It was almost surreal to your parents because a life long fear of war dulls the senses to the sensational news reports in the 80's. You also did not have the Vietnam War on TV every night at 6pm where they showed things that CNN would never show now.

Then the Cold War ended and for a time it seemed to be all a really bad dream. The fear is back just the names have changed to protect the guilty.

Boiling water

Republibot 3.0's picture

Probably. That's probably 85% of it right there. The other 15% is that if you grow up in a happy, idyllic world and get dropped into one where people have guns aimed at your heads, it really freaks you out. If, on the other hand, you grow up with guns pointed at your heads, you tend not to notice. I mean, it's always been that way, right? It'd be weird if you didn't have a gun pointed at your head, really...

So what they feared was normal for us, and how can you fear something normal? It helped that the Baby Boomer generation were mostly annoying 'fraidy cats that we were rebelling from anyway.

Oooh, there's an interesting idea: fear being standard, so youthful rebellion rejects fear. There's soemthing storywise there, but I'm too tired to suss it out now.

The Artist Formerly Known As Republibot 3.0

Not for lack of trying

Republibot 3.0's picture

>>That's because you did not have the fear rammed down your throat. <<

Well, not for lack of trying. Seriously: my teacher were endless in their "Nuclear war will make us go extinct, better red than dead, America will get the world killed" early-eighties nuttiness. It just didn't take. It just wasn't scary. It's like trying throwing a rubber snake at a kid raised in a reptile house: It's just passe. We grew up with it. That kinda' fear just slid off us.

Now, gym class: THAT was scary!

The Artist Formerly Known As Republibot 3.0

Lefty Loons

neorandomizer's picture

>>"Nuclear war will make us go extinct, better red than dead, America will get the world killed" early-eighties nuttiness. <<

I am sorry but the anti-nuke movement was so blatantly leftist that most people thought they were tools. Even Ted Kennedy the liberal lion of the Senate was against cutting our nuclear forces without a treaty making the Soviets cut the same amount.

Sure in New York City you could get two thousand disarmament protesters but you get 80,000 for a Giants football game so two grand is nothing. But it looked good on TV and they always wanted us to disarm first all it was missing was a sticker "Paid for by CPUSA."

made from the tastiest fear, coated in crunchy chocolate!

Republibot 3.0's picture

Why would you apologize for saying that? It's completely true. No argument. My point was just that fearmongering has a halflife, and it's only really effective for the first generation. (I'm sure the first generation of Soviets were utterly terrified of us as well, but the ones in my lifetime have mostly just wanted our jeans and Bon Jovi albums ["We can pay for them in firewood!")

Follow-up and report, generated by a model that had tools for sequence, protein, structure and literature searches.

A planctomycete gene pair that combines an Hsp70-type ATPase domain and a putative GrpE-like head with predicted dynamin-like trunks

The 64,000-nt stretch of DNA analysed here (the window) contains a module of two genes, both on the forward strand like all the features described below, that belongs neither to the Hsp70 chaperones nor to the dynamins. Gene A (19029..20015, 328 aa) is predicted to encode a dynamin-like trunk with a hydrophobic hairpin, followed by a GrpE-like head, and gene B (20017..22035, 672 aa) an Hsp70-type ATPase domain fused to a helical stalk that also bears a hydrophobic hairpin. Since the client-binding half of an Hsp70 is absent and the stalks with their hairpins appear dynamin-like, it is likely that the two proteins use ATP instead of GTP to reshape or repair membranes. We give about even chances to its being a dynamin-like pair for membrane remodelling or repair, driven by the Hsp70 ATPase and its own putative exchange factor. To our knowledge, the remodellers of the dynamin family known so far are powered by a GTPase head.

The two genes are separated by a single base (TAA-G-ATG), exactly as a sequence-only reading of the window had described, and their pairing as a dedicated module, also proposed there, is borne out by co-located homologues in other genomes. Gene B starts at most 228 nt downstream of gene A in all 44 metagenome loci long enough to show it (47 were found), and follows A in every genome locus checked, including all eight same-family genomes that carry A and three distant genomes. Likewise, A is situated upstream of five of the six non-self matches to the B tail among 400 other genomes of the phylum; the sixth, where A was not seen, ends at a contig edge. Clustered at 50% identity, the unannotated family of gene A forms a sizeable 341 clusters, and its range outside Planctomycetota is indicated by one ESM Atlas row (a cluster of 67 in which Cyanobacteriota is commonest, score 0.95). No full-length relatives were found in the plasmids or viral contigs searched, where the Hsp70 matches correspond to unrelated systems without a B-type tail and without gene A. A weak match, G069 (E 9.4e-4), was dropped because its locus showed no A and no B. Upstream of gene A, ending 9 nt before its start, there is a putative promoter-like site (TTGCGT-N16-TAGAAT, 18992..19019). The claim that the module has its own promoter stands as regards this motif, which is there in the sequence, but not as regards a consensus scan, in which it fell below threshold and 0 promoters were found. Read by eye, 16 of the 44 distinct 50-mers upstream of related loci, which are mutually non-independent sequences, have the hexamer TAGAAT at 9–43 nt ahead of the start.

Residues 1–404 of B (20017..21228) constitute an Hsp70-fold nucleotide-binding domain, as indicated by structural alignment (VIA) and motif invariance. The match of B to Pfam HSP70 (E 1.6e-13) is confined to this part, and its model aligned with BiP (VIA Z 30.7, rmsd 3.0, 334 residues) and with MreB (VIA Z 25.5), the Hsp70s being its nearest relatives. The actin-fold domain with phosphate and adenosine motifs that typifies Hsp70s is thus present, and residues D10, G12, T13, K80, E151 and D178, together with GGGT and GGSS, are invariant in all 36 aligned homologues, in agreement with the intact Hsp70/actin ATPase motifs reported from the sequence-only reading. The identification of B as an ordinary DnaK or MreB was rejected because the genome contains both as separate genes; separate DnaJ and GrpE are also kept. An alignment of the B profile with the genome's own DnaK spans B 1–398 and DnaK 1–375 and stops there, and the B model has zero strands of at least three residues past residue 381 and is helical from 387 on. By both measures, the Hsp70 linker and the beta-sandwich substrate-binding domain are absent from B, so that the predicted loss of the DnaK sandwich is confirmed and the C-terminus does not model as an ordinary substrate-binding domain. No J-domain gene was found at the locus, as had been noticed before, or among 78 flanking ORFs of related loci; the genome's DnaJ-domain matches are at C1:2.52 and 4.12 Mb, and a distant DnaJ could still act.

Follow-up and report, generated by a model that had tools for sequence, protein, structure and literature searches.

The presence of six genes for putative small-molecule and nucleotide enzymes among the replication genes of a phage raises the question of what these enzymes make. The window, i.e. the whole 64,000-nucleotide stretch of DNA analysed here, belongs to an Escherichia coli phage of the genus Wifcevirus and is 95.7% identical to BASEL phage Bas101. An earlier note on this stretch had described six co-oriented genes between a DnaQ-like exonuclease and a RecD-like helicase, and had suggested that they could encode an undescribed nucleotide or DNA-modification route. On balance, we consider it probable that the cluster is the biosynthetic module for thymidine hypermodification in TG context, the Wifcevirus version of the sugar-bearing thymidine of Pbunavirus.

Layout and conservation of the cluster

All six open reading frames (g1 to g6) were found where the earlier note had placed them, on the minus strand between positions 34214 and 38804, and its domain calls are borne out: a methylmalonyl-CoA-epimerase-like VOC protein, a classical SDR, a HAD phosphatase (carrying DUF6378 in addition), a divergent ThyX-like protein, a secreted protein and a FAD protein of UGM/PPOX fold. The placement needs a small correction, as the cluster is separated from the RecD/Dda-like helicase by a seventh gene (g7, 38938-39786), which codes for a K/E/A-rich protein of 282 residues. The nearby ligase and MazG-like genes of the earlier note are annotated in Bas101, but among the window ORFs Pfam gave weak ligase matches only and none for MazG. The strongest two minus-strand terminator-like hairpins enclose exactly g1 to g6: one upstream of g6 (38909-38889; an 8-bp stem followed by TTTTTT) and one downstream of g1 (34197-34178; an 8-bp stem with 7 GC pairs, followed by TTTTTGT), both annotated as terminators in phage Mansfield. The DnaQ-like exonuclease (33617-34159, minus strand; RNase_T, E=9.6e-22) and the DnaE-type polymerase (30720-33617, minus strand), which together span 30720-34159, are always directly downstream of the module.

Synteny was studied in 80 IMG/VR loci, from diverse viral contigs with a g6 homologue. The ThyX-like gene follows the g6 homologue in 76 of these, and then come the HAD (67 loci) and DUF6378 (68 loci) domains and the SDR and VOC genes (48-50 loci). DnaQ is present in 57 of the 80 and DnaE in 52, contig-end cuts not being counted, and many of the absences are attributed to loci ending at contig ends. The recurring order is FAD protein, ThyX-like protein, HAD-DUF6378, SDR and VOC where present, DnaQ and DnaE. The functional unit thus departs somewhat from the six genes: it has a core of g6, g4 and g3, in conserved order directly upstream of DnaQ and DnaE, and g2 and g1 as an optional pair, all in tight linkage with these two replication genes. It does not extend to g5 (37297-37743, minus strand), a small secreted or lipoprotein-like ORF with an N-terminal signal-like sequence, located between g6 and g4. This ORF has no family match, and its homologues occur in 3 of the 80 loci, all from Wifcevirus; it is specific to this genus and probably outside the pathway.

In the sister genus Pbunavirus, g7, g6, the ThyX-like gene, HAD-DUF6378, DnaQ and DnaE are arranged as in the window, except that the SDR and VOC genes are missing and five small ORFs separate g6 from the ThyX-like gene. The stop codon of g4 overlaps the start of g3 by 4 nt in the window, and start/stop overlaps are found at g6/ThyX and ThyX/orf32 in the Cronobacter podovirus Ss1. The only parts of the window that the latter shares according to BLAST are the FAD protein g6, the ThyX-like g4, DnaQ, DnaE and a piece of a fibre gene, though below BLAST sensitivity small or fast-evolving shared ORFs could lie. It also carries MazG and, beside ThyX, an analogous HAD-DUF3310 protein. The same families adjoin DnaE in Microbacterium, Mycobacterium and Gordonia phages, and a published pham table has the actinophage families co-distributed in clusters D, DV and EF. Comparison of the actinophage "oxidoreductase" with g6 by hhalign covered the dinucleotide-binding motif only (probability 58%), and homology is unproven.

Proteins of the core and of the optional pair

This is an interesting thing that most of the SF authors of the 20th century missed. Tons of stories of societies manipulated by fear, but any really good motivating fear is one you can live with long enough to get bored with.

The Artist Formerly Known As Republibot 3.0

Fear as plot point

neorandomizer's picture

>>This is an interesting thing that most of the SF authors of the 20th century missed. Tons of stories of societies manipulated by fear, but any really good motivating fear is one you can live with long enough to get bored with.<<

The 1981 Frederik Pohl book 'The Cool War' and John Brunner's 'Shockwave Rider' both touched on what you say but they were really more about government lies post Watergate.

It was only in America that nuclear war went from a deadly fear to a plot point or a back-story. In Europe they never lost the fear; in the 80's they convinced themselves that we and the Russians where going to fight our war in Western Europe only and leave the mother countries untouched. They pointed to the deployment of the Russian SS-20 and Pershing II medium range missiles (MRBM)as proof of this wacky idea. No the sad truth was if war came both sides were planning to smash the whole planet. Lucky for us both side were only crazy enough to build the weapons not use them. Now we have people crazy enough to build nukes but they also look forward to using them.


Republibot 3.0's picture

To be fair, Europe would have been destroyed in any hypothetical US/USSR war. Nukes were never the first-choice strike weapon, though, and they were generally aimed at *our* bases. I can understand the fear, but it was an oddly misdirected one since we had no tactical reason to attack the east, and the east had *every* reason to try and gobble up the rest of the continent.

(An interesting and deliberately under-developed implication of "A Clockwork Orange" is that this has happened, that the Soviets own the continent, and the UK is all that's left, though there's no implication of Nuclear War)

The Artist Formerly Known As Republibot 3.0